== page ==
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  10. My mum looks back on her 'poor' days as some of the happiest times of her life. I never understood that until we went through a rough patch about 5 years ago when not much was coming in, and, although it was hard, we were all actually really happy. So bizarre!

    Sarahx

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  11. What a beautiful post and thank you for sharing your story!
    http://oldmarriedlady.com

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  12. Glenda, I love this :) We downsized (or perhaps "right-sized") our expenses because we are down to one income for now. But in doing so, we've experienced a lot of different things. We aren't poor, for sure, but having less has made us have to make decisions about what's important, what we want to splurge on, and what makes sense. We take less for granted. Our 2 year old doesn't know a thing about what's happened, and that's just fine.

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  13. Glenda
    I love this post and totally understand it. My parents always taught me to live below my means so that when the means aren't there, I can do it... currently doing "it" while in-between jobs (code phrase for "unemployed").
    By the way - I think it's time your write your memoirs. It would be a great read and would sell like hotcakes!!
    xxoo donna.

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  14. Glenda, I enjoyed reading this post. I wish modern day parents would realize that kids just want to feel loved. Your parents knew what was important, and isn't it funny to know that they needed to treat themselves occasionally too!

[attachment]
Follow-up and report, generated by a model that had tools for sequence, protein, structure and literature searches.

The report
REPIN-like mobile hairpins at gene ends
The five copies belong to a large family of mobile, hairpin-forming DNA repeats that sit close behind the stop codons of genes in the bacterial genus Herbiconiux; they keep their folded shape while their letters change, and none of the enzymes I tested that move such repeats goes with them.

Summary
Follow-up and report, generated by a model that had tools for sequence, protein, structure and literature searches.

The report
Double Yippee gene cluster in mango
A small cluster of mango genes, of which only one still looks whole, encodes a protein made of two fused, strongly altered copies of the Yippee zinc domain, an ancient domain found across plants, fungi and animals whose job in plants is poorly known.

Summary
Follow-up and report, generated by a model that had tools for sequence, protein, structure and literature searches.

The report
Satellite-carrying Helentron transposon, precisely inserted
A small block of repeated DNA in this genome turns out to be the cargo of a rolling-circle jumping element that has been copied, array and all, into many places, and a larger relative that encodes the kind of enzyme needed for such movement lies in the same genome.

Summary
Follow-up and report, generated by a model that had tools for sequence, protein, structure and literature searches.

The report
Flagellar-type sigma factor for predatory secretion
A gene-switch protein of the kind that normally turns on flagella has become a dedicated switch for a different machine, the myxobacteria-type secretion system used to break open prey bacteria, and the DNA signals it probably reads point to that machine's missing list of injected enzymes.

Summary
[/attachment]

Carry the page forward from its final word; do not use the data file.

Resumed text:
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  15. Glenda I loved this! So much so that I shared it on my fb wall. Reading it made me realize something that's bugged me off and on for most of my adult life. I grew up knowing I was poor! Because my mother told me so. Often. She complained about everything. Nothing was ever good enough for her.I don't understand her point of view, because she had never really been well-to-do. It was all in the way she viewed life I suppose. The result? For a lot of years I was prone to spending money I didn't have on things I didn't need to impress people who didn't care. Finally, when God took the controls, I learned to say, "I am rich in Him...contented with what I have. The Lord is my Shepherd. I shall not want. Thanks for the additional insight.
    Hugs, E

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  16. Love it - I strive for simplicity and even pray for just enough, as I want to stay humbled and simple minded as much as I can!